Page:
Snowpiercer is an English-language science-fiction film produced in South Korea, depicting a post-apocalyptic reality in which our world has succumbed to a new ice age due to human interference. The last of civilisation finds shelter aboard an ever-moving train (powered by an “eternal” engine). In this quirky microcosm of humanity, class-based system has emerged – the front is controlled by the elitist group, while the poorest live in the back cars.
The picture went through quite a battle to receive a limited release in the United States in an complete uncut version. While the strong cast (Chris Evans, Jamie Bell, Tilda Swinton, Ed Harris) itself should have attracted people, however The Weinstein Company didn’t have much faith in the project. Thus, change was requested – trimming of the film and introducing narration. It’s true that director Bong Joon-ho doesn’t waste time and jumps straight away into the story of a revolt planned by Evans’ character, but the plot is always clear and easy to follow and needs no clarification. Still, the big distributor doesn’t seem to think so. If that’s not an insult to the audience’s intelligence, I don’t know what is.
Marco Beltrami is not a typical Hollywood composer. Yes, he’s participated in several bigger projects – Hellboy being the best example. However, he often chooses small films on which he gets more creative control. Snowpiercer, while moderate in scale, gave him an opportunity to create an unique s-f world, not limited by typical genre restrictions. It’s a schizophrenic portrait of humanity. There is no clear strong theme to navigate through that story, but the composer shapes a peculiar narrative out of this, seemingly eclectic collection of musical elements. As the characters move through the train, from the poorest section to the more posh front cars, the music changes from very primal and brutal into more elegant and refined. It is a subtle, but interesting way of depicting this surreal journey through this never-ending segmented world.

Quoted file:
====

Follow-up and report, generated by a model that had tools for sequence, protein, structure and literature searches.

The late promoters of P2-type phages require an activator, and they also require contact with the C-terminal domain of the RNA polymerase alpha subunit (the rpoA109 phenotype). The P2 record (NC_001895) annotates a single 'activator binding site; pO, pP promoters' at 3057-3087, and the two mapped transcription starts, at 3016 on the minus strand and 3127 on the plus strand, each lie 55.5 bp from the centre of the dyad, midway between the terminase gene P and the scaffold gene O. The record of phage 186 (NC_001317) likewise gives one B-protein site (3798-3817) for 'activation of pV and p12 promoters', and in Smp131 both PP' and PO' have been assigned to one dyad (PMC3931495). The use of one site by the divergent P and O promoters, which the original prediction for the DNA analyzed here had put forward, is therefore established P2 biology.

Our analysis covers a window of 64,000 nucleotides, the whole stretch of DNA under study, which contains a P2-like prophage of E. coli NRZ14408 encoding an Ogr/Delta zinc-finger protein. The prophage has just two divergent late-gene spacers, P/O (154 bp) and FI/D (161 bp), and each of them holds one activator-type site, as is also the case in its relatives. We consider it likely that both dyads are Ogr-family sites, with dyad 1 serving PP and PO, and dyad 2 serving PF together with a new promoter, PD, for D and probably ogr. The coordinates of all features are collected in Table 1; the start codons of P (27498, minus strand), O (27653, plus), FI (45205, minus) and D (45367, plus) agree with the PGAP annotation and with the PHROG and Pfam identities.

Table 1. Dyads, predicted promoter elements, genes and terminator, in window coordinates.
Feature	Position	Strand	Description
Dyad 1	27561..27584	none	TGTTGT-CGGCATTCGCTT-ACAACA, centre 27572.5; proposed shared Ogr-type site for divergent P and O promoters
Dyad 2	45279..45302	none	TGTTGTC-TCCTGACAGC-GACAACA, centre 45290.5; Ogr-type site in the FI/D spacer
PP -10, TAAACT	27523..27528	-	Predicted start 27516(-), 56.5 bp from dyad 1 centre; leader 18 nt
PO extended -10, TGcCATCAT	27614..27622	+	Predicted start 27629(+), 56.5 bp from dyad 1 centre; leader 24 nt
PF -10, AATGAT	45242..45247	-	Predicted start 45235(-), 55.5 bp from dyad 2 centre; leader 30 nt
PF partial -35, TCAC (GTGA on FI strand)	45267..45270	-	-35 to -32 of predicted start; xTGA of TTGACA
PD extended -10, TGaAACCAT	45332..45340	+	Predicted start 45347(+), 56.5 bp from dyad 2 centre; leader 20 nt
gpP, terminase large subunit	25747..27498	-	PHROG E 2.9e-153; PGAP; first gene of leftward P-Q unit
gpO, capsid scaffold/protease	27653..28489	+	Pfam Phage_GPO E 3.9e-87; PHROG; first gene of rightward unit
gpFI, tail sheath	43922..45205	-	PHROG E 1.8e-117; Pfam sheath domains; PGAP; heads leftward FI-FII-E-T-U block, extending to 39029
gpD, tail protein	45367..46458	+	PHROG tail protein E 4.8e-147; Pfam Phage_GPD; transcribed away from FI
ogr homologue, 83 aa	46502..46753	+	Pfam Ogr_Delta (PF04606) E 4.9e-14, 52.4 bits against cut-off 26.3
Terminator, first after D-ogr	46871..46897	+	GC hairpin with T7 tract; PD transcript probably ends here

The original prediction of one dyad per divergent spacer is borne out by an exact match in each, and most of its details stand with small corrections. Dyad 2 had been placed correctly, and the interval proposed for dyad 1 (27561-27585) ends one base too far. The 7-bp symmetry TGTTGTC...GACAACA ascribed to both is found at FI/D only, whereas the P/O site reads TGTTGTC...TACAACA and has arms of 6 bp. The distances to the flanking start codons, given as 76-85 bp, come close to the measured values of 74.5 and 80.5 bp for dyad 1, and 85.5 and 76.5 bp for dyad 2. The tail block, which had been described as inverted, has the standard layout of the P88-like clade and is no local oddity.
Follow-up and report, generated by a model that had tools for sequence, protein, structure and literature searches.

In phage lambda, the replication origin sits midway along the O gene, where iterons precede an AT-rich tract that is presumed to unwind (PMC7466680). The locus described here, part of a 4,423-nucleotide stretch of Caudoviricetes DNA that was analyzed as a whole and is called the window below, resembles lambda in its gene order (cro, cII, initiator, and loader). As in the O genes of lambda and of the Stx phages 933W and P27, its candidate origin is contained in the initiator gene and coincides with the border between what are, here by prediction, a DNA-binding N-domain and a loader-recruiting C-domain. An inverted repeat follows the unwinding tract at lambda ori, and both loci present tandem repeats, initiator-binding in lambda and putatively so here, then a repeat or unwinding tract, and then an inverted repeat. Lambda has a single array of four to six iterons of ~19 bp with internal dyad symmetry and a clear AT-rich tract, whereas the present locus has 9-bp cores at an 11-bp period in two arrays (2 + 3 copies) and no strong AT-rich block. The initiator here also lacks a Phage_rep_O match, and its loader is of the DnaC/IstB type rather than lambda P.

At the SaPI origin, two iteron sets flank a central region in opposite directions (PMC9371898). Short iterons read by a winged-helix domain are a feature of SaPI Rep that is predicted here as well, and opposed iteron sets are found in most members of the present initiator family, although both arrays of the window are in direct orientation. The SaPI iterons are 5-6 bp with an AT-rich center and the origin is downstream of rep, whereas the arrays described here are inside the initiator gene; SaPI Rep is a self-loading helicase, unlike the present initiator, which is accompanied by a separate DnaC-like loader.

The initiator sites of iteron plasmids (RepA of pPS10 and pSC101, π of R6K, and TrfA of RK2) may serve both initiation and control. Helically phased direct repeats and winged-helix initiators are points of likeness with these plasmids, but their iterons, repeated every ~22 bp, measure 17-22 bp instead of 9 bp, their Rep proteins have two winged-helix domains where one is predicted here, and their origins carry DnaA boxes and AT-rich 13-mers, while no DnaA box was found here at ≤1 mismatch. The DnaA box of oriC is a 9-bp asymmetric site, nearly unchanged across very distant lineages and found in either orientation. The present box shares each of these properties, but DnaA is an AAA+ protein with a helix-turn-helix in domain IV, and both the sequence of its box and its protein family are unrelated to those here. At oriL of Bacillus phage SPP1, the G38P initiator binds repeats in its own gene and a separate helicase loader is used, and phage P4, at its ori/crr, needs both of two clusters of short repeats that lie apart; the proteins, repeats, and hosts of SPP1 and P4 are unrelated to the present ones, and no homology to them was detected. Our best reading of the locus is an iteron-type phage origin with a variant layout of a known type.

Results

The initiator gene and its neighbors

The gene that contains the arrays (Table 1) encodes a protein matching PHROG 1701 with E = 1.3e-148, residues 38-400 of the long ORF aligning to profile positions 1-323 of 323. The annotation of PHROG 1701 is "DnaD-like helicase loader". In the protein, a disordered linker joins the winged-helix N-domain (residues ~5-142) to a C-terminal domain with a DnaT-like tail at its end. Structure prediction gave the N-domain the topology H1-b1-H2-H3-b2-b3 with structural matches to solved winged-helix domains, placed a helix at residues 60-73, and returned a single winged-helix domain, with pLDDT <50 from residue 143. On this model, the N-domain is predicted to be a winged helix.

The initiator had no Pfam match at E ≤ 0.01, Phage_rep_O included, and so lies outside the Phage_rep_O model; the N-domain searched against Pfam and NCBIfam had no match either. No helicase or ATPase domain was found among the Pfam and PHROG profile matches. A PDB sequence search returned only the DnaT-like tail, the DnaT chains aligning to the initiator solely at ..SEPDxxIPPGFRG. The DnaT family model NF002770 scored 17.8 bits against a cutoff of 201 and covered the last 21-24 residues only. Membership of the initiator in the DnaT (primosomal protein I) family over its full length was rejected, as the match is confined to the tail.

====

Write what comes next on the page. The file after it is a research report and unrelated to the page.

‘This Is the End’ plays over the main titles, in which audio clips recount the struggle to find a solution to global warming and the subsequent chaos that followed the global climatic disaster. Right off the bat, Beltrami defies our expectations with a melancholic piece led by piano and cimbalom. That last surprising choice of an instrument brings back the memory of other distorted vision of the future in Terry Gilliam’s 12 Monkeys, where accordion served a similar purpose (albeit in far less subtle context). Buck Sanders, composers’ frequent collaborator, provides and interesting whooshing and wintry electronic ambience. ‘Stomp’ is an elegiac string piece for strings, which shows us the condition in which poor people of back cars finds themselves in.. ‘Preparation’ underscores an extended sequence of preparation for revolution. It’s a suspenseful track with rhythmic strings punctuating the pace, while shy woodwinds add slightly mysterious flavour. The next cue, ‘Requesting an Upgrade’, takes the excitement further with an interesting action piece. Unlike most scores of modern age, it is the string section that creates energy the propels the sequence, not the usual brass or percussion. ‘Blackout Fight’ largely continues that trend, although the electronic ambience is more pronounced.